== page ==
Pope Francis has newly inaugurated his own Instagram account and following the attacks in Brussels this week, there was a message of prayerful solidarity with the victims and, more broadly the people in and of Belgium. The account is too new, however, to see whether this will become a continuous feature, if so it will be an all too sadly common one. It is, also, too soon to see whether it can show an admirable equality in its regarding of the victim for as many have noted the atrocity in Belgium has generated significantly more attention than the equally recent and horrific events in, say, Istanbul.
At one level this is understandable - we tend to focus on 'home' rather than on 'abroad' yet every life stripped of its dignity in violent death is the same, equally valid in sorrow.
At these points, ever more regular, however, I, also, wonder at an element that is missing. That it is missing at the immediate point of violence is wholly understandable but afterwards, on subsequent reflection, where is the prayer for the perpetrators? After all their darkness, lostness, is certainly, palpably real.
Yesterday, as Christ hangs on the cross, he asks that they be forgiven 'for they know not what they do' but I would be hard placed to remember moments when in our prayers of intercession, the perpetrators have been similarly lifted up that they might be broken into the light. In truth, I can remember only one very compelling instance - on the day after 9/11 at mass in a small contemplative Dominican community where I was staying. Here a French Canadian sister prayed for the perpetrators, for the beginning of the long, aching path of forgiveness and for a world reflective of the manifold sources of evil from which such violence comes. It was a prayer made more poignant by knowing that this sister had played a significant and heroic role in the Rwandan genocide, protecting lives at the considerable risk of her own, where the path of forgiveness was anything but simple or straight or ever ending.
This too is all too understandable. A small boy of eight once when asked by a friend, an Anglican clergyman, what Jesus was doing on Holy Saturday, he had answered (as the only person in his class to put his hand up) that Jesus had gone in search of his friend, Judas! It a remark more striking for what the Gospel account itself makes of Judas' betrayal delighting in the miscreant's subsequent suicide (yet another illustration that even scripture is a work of all too human hands). It reminds me of what would we make on an average Sunday in church of someone getting up to deliver the intercessions and focusing fully and wholly on the perpetrators as human beings in need, most in need, of prayer. It would be a brave soul that attempted it - and no doubt there are places where this is so, would that there were more of them.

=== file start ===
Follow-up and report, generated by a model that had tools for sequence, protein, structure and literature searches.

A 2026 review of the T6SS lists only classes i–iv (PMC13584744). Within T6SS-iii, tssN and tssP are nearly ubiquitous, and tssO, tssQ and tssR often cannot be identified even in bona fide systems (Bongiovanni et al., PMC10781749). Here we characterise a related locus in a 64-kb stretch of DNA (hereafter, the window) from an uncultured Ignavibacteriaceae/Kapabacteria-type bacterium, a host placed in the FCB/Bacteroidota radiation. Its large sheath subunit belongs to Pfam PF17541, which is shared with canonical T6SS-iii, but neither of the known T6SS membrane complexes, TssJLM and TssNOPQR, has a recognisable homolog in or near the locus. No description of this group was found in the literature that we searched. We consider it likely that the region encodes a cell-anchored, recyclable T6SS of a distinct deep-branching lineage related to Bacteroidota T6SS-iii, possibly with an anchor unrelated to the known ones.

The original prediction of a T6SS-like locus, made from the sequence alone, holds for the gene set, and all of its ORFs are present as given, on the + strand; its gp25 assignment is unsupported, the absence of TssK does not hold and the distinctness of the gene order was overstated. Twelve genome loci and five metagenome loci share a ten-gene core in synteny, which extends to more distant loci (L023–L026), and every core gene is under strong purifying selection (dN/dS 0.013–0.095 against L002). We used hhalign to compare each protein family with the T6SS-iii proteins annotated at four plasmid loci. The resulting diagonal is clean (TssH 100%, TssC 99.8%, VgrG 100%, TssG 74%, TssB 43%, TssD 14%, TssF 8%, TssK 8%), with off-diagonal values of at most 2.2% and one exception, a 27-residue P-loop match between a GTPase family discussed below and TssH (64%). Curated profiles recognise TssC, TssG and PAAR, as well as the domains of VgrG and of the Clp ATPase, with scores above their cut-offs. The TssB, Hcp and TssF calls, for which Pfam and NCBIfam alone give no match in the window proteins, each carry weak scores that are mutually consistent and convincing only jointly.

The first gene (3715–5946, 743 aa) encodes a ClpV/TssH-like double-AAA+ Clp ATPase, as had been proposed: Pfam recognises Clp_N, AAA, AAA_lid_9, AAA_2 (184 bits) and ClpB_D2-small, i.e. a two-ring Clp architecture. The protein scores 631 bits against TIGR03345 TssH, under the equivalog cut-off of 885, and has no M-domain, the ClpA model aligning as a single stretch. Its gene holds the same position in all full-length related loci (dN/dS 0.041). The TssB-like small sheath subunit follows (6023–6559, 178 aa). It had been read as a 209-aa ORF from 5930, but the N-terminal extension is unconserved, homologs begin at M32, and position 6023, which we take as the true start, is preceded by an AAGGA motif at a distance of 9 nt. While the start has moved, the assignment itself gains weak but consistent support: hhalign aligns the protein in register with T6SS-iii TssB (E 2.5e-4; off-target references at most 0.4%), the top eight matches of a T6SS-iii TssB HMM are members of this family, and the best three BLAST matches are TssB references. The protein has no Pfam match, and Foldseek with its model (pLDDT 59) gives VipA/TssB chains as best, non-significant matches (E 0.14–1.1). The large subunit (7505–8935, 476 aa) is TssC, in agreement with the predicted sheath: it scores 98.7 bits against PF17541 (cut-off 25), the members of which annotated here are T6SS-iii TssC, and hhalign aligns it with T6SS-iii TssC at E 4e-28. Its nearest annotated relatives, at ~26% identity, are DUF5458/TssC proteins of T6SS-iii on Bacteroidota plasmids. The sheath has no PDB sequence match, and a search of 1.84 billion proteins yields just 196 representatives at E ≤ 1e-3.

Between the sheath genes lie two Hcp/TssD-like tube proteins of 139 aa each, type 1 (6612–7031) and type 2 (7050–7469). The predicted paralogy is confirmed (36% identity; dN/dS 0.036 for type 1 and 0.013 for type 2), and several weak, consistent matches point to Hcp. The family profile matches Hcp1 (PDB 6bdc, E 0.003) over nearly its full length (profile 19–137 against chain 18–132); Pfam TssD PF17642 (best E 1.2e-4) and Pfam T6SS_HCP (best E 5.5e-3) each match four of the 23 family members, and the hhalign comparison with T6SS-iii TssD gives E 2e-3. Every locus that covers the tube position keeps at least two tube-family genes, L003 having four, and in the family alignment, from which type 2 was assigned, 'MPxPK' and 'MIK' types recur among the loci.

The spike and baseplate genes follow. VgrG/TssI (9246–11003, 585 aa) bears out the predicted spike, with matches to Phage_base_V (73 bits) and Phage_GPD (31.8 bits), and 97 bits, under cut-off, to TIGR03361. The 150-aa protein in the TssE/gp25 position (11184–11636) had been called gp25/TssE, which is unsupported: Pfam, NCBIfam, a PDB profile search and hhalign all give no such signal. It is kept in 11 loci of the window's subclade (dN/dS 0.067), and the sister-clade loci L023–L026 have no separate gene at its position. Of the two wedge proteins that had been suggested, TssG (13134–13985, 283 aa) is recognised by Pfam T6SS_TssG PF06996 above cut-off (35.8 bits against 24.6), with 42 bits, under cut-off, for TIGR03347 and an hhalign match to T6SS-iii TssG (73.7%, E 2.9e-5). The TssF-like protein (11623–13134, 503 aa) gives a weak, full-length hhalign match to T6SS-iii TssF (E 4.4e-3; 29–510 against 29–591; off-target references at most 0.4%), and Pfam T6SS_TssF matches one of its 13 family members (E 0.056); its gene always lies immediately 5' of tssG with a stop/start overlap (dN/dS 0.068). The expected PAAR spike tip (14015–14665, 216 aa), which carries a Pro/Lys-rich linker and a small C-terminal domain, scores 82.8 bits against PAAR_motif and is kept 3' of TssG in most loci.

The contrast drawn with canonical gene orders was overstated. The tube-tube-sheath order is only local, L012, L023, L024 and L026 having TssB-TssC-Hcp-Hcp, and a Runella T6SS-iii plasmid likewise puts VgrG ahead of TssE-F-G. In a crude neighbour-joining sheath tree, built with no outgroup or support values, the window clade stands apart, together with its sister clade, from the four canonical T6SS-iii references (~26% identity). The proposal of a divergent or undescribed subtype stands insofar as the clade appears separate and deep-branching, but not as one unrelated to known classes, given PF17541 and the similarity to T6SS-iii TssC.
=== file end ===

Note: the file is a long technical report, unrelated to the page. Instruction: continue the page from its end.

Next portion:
For several years, once a week, I visited a Jungian analyst. I could say this was an 'analysis' except the unusualness of this woman and her approach might belie that too simple description. Behind her seat, there was always an icon of the Harrowing of Hell, thus, always facing her client. This is where we are going, it seemed to say, a trip to the depths; and, the measure of where we can aspire to, will be the depths to which we can descend (to quote St Augustine).
This it strikes me is one of the messages of Holy Saturday - the measure of our grace will be how far we can travel into the reality of the darkness and extend in prayer to all those whose actions exclude them from the kingdom but whose common humanity does not. For it is a core belief of the Church that our human dignity is inalienable (however much it may go in disguise in each and everyone of us) and a measure of that belief ought to be how we stretch out after the perpetrators of harm.
Maybe this might become a new tradition of Holy Saturday - that we go in search of our friends that are Judas?